WASHINGTON -- The Senate overwhelmingly rejected a bid to preserve some $4.5 billion in food stamps funding, as part of the massive farm bill, on Tuesday.
The amendment to keep that spending in the Supplemental Nutrition Assistance Program, offered by Sen. Kirsten Gillibrand (D-N.Y.), failed 33 to 66. Sixty votes were needed to pass.
Gillibrand had hoped to prevent food aid cuts in the $969 billion bill by trimming the guaranteed profit for crop insurance companies from 14 to 12 percent and by lowering payments for crop insurers from $1.3 billion to $825 million.
"We all here in this chamber take the ability to feed our children for granted. That is not the case for too many families in America," Gillibrand said just before the vote. "Put yourselves for just a moment in their shoes. Imagine being a parent who cannot feed your children the food they need to grow. It's beneath this body to cut food assistance for those who are struggling the most among us."
The cuts target the so-called heat-and-eat initiative in which 14 states automatically make families eligible for more food aid if they receive even $1 in help paying their utility bills. The Congressional Budget Office estimated the decrease would amount to about $90 a month for an affected family, representing a quarter of its food budget.
"Half of the food stamp beneficiaries are children, 17 percent are seniors, and unfortunately now 1.5 million households are veteran households that are receiving food stamps," Gillibrand said, referring not just to heat-and-eat participants, but the broader population of food stamp recipients.
Four of Gillbrand's colleagues on the Republican side voted with her, including Massachusetts Sen. Scott Brown, who was a co-sponsor of the amendment. But 22 of her fellow Democrats balked, seeing as abuse the heat-and-eat initiative she was trying to save. Those Democrats included the chairwoman of the Senate Agriculture Committee, Debbie Stabenow of Michigan.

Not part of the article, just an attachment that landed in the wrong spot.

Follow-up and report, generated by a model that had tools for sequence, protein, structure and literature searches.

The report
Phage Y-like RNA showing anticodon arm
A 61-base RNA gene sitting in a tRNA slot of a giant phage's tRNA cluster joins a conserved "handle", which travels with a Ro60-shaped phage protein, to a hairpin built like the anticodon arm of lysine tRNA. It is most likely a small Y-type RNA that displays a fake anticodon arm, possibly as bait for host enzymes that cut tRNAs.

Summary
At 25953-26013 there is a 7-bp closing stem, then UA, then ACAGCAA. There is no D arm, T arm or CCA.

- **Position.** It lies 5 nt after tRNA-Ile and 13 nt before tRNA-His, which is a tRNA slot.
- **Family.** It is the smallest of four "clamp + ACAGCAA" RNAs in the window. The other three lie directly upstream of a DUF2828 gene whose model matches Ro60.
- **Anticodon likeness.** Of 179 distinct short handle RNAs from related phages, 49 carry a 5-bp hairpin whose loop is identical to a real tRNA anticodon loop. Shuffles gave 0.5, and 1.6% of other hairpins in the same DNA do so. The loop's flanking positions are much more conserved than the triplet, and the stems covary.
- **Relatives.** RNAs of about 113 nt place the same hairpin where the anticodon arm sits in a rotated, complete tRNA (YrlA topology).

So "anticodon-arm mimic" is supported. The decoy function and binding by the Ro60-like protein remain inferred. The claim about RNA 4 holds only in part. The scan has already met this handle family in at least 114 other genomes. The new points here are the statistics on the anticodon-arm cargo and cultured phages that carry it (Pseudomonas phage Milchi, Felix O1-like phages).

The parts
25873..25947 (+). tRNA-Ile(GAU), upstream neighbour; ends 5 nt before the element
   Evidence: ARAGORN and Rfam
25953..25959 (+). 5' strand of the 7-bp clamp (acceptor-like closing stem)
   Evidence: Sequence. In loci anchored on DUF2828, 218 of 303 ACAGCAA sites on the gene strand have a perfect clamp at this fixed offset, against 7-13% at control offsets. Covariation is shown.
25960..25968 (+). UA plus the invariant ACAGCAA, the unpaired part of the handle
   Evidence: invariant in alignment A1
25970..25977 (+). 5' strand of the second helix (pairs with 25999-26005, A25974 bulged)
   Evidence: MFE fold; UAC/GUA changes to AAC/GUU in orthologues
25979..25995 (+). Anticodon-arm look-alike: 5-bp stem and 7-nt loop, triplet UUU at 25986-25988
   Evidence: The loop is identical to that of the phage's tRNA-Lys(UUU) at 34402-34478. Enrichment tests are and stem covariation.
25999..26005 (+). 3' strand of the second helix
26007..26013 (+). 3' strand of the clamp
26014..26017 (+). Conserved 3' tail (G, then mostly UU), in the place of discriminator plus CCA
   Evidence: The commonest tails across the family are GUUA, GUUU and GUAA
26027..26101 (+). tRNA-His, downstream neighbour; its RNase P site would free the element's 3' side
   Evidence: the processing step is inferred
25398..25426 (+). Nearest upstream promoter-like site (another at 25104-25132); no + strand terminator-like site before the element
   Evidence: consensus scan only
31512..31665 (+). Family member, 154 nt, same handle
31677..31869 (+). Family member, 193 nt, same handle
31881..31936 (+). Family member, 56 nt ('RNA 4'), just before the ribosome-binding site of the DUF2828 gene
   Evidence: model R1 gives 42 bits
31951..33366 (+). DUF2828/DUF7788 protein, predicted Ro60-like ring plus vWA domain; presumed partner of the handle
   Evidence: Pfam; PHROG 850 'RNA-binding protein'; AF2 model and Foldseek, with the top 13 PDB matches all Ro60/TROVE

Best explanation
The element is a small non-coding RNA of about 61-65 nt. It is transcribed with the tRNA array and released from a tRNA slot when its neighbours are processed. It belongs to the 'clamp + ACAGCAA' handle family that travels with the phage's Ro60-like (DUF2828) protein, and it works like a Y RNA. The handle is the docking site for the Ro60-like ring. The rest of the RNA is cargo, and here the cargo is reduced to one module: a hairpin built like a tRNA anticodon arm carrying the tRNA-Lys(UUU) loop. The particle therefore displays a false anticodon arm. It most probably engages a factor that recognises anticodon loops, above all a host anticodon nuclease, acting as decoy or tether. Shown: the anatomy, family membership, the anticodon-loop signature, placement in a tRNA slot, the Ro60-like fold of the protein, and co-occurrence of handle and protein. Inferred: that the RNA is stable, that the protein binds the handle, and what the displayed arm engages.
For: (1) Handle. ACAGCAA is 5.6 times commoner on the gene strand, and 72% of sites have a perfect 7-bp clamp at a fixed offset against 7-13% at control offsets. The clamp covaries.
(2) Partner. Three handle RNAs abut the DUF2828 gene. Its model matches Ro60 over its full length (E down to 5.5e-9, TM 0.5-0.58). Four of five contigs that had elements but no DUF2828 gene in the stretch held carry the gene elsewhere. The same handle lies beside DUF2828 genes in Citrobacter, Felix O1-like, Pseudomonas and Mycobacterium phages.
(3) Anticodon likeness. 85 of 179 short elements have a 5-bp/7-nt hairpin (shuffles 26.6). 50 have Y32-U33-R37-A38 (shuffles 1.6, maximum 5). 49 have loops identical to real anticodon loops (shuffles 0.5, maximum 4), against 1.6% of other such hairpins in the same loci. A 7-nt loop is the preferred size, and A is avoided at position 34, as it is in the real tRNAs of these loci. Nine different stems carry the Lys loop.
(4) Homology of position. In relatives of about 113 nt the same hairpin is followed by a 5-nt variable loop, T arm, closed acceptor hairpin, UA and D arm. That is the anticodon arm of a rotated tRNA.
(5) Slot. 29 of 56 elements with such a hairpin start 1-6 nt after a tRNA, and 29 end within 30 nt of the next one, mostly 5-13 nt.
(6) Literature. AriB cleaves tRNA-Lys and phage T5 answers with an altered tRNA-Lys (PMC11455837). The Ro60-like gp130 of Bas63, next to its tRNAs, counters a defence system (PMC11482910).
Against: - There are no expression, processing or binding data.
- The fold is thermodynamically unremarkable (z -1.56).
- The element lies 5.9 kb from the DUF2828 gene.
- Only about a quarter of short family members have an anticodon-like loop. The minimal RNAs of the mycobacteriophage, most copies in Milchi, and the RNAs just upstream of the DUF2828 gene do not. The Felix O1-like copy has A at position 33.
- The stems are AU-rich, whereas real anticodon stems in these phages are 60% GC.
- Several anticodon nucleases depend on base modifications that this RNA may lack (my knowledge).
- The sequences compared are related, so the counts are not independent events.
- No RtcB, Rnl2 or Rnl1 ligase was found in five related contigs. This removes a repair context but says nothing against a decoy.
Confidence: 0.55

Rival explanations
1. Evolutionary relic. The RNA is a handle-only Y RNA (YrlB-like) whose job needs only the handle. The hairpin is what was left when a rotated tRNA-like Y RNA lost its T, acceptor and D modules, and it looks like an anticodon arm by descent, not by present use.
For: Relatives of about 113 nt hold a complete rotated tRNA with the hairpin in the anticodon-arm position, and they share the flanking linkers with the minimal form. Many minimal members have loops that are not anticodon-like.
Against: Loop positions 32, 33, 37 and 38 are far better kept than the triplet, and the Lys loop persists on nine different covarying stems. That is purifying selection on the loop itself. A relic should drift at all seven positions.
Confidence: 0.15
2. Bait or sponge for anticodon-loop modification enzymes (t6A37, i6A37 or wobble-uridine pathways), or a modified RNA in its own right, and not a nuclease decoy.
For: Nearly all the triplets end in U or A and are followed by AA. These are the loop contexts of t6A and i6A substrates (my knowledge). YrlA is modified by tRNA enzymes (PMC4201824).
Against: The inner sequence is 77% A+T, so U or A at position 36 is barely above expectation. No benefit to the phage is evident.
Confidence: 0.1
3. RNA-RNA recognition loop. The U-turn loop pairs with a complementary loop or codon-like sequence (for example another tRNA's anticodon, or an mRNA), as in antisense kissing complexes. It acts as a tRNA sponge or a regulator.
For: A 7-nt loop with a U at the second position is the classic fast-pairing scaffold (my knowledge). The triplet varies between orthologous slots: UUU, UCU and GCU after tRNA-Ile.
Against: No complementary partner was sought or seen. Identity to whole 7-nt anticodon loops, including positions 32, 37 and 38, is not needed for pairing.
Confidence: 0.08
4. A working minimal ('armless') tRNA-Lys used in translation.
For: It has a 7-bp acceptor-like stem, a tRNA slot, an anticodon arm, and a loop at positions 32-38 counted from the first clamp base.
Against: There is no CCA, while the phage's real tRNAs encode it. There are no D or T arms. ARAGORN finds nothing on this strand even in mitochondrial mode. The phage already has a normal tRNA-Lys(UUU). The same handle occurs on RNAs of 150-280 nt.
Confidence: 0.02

"Here's what's going on: In a handful of states, they found a way to increase the SNAP benefits for people in their states by sending $1 checks in heating assistance to everyone who gets food assistance," said Stabenow. She allowed that heating costs are properly a factor in determining the need for aid, but said that states like New York and Massachusetts are going too far.
"Sending out $1 checks to everyone isn't the intent of Congress," Stabenow said. "For the small number of states that are doing that, it is undermining the integrity of the program in my judgment. This is about accountability and integrity."
Congress has grown increasingly concerned about spending for the food stamp program. Some 26 million Americans received the aid in 2007, while more than 44 million received it last year, at a cost of $76 billion. The Congressional Budget Office estimated recently that demand will continue to grow through 2014 in the wake of the recession.
The House has proposed even steeper cuts. The 2013 budget resolution passed by the lower chamber calls for $134 billion in cuts over 10 years. The House Agriculture Committee's version of the farm bill would slash $33 billion over 10 years.
The Senate's version, while much more modest in its cuts, would move in the same direction. Moreover, it likely represents the best-case scenario for food stamp advocates when House and Senate negotiators work out the differences between their measures later in the year.
The Senate's farm bill is expected to pass later this week.
Michael McAuliff covers politics and Congress for The Huffington Post. Talk to him on Facebook.
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